New York City Faces Learning the Hard Way as Teachers Fight the Vaccine Mandate


N.Y.C. teachers want the Supreme Court to block the vaccine mandate. (Courtesy of Twitter)

Vaccine mandates are making headlines for all the wrong reasons as Americans remain resistant, despite COVID-19’s persistence in killing the unvaccinated. In the Big Apple, a fight is being waged within the public school system between teachers and new vaccine mandates. It is a fight which may result in more than 5,000 teachers losing their jobs, exacerbating an education loss the city is still struggling to recover from after a year of remote learning. 

The mandate demands New York City teachers get vaccinated or face being unable to return to the classroom. Outraged by the federal government’s demand, teachers voiced their frustration by calling on the Supreme Court to block the mandate claiming that it violates their due process and protection rights. While the teachers expressed the compelling point of their frustration with the government forcing its constituents to become vaccinated, what is more compelling is the data showing the carnage COVID-19 continues to leave in the education system as it still shuts down schools due to coronavirus positivity rates. 

On the surface, it is easy to see why educators feel that their right to due process is being impeded upon; if they simply choose not to get vaccinated, they run the risk of losing their jobs. However, the mandate cannot truly be considered a violation of teachers’ due process since the legislation was put forth to protect the lives of teachers as well as their students. Throughout the course of 2020, attaining a vaccine to combat COVID-19 was a comforting thought for many, especially those who were desperate to find employment after being laid off during the pandemic. Considering all New Yorkers had to endure isolation not too long ago, it seems counterintuitive to fight against the vaccine that took the city out of the virus’ epicenter and now allows us to experience some semblance of normalcy. 

With schools looking to reopen after more than a year of lost time, teachers fighting against the mandate sends two very dangerous messages to students. The first is the discouragement of getting vaccinated, as students in our education system are systematically told and taught to follow the example of their teachers. Knowing teachers have so much influence over the actions of students, it is irresponsible for them to openly contest a vaccine that has been scientifically proven to boost immunity against COVID-19. This refusal could potentially put the lives of their students at risk. 

The second and most disconcerting message is that teachers’ own sense of freedom is more important than their students’ safety. With so many teachers expected to lose their jobs because of this fruitless fight, students are ultimately the ones who stand to suffer most. Many students may end up being taught by substitutes potentially lacking the teaching experience standard teachers have.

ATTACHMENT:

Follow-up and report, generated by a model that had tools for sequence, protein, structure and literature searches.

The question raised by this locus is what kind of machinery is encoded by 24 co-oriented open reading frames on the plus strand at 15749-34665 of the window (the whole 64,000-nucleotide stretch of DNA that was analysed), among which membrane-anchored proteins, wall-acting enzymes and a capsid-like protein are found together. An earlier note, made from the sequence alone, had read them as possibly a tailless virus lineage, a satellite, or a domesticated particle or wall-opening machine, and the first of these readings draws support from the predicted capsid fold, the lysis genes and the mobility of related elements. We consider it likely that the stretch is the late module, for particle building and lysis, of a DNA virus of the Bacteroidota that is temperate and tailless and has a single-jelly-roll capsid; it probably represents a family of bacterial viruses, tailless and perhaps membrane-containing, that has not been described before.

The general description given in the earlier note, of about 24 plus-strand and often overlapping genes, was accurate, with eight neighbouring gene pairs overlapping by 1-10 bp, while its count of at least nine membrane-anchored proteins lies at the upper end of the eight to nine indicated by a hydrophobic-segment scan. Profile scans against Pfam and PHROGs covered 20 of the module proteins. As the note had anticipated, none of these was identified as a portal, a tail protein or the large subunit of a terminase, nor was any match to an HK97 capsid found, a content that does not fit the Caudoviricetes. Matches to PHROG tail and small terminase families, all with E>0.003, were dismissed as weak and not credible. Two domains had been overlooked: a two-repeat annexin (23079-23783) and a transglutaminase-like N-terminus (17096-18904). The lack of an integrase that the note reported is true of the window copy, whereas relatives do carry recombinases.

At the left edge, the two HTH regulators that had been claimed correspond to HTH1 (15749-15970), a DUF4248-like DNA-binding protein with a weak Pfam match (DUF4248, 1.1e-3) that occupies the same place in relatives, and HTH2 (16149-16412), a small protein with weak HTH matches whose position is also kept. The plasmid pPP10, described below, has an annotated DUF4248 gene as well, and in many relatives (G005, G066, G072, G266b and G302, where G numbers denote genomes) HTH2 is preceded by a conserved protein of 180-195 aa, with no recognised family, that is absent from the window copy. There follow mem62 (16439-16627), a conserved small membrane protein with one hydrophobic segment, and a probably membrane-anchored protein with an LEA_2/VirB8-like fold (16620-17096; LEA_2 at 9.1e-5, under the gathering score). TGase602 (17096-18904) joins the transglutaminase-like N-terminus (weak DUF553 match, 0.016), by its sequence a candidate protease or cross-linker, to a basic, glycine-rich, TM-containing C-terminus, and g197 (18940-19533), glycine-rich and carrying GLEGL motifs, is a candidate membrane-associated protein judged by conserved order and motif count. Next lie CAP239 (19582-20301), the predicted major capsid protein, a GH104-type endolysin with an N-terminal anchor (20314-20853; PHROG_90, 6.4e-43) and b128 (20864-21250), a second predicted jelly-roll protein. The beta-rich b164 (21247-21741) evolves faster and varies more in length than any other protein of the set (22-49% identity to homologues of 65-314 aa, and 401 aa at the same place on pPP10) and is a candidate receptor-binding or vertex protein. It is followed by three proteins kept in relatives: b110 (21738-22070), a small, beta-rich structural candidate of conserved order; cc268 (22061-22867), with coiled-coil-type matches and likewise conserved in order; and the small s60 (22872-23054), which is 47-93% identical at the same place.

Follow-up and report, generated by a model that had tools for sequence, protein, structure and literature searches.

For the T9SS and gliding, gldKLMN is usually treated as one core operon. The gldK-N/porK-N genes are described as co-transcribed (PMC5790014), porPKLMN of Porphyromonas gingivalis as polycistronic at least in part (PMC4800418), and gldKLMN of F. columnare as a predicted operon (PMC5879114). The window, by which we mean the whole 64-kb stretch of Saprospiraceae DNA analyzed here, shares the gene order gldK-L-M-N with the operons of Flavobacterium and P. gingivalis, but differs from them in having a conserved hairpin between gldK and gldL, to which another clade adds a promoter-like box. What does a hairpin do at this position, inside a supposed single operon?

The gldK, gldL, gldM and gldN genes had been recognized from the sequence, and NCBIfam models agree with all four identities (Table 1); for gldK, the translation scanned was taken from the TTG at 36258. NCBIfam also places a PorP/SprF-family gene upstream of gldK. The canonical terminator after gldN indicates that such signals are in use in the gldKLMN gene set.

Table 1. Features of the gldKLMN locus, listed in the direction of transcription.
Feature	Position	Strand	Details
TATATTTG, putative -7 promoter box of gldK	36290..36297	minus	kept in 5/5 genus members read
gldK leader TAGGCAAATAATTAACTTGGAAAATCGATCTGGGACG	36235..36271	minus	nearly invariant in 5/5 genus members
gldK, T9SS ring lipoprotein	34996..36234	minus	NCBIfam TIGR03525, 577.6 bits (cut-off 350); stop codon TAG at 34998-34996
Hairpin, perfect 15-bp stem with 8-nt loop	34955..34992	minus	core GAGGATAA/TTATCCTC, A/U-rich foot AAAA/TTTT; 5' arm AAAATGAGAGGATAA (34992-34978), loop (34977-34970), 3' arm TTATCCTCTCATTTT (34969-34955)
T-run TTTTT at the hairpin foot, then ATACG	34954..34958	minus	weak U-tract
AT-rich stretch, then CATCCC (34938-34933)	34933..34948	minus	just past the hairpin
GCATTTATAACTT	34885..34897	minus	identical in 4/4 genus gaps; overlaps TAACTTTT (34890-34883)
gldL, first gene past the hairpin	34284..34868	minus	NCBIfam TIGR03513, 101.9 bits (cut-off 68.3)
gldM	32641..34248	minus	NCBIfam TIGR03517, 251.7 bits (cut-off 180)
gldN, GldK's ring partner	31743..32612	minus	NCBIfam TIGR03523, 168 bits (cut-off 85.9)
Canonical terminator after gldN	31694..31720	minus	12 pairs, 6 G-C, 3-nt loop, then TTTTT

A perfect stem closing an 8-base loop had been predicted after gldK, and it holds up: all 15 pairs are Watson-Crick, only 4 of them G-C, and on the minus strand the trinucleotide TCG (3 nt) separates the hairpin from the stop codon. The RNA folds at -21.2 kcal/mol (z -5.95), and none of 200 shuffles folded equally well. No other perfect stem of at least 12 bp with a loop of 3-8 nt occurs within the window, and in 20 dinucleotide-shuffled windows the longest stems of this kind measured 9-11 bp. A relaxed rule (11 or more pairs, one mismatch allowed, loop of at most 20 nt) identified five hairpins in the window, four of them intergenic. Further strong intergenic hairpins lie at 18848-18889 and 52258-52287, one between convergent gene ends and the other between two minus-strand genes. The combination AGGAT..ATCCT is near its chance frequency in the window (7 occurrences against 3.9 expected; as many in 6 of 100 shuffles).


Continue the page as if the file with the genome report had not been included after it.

All the signals being sent by teachers’ efforts to block the vaccine mandate will only result in further obstacles to students’ education. This fight stifles the progress NYC needs to make to compensate for a year of lost learning. Last year, COVID-19 left New York with no choice but to shut down schools and small businesses as the pandemic piled patients into already crowded hospitals. The behavior of these teachers is insulting to the parents and students who have had to suffer — financially and mentally — during the pandemic’s darkest days. 

With the Delta variant as the dominant strain in New York, the pros of having a vaccine mandate outweigh the cons, as the mandate reflects the city’s determination to control the spread of COVID-19. A year ago, too much was unknown about the virus, making it difficult for the city to devise a comprehensive coronavirus plan. Now that we have the means to mitigate the devastation COVID-19 has left behind, there is no reason the city’s leaders should not take every measure to prevent additional damage. 

With this mandate, business owners no longer have to feel like they do not have a choice when it comes to shutting down or struggling to stay afloat. Parents will be able to rest easier knowing that teachers have taken every precaution to lower the risk of transmission to students. Some students are not yet able to be vaccinated due to the age requirement. However, with vaccines widely available to adults, there is no substantial reason why teachers and staff should put the lives of their students at risk by refusing the vaccine. 

Unfortunately, this mandate does present the potential loss of city teachers. Teachers will lose their financial livelihoods if they refuse the vaccine and students will consequently lose their right to quality education. The vaccine mandate responds appropriately to the urgency of the moment, but fails to empathize with teachers who have undoubtedly suffered in some of the same ways their students have. The pressure the mandate will put on teachers may be what further breaks an already fractured school system in desperate need of fixing. 

The pandemic has taught us much about the setbacks and difficulties our school systems face when children are at risk. With a widely available and effective vaccine that continues to aid in New York’s recovery, there is no reason to learn the hard way again.

Noah Osborne, FCRH ’23, is a journalism major from Harlem, N.Y.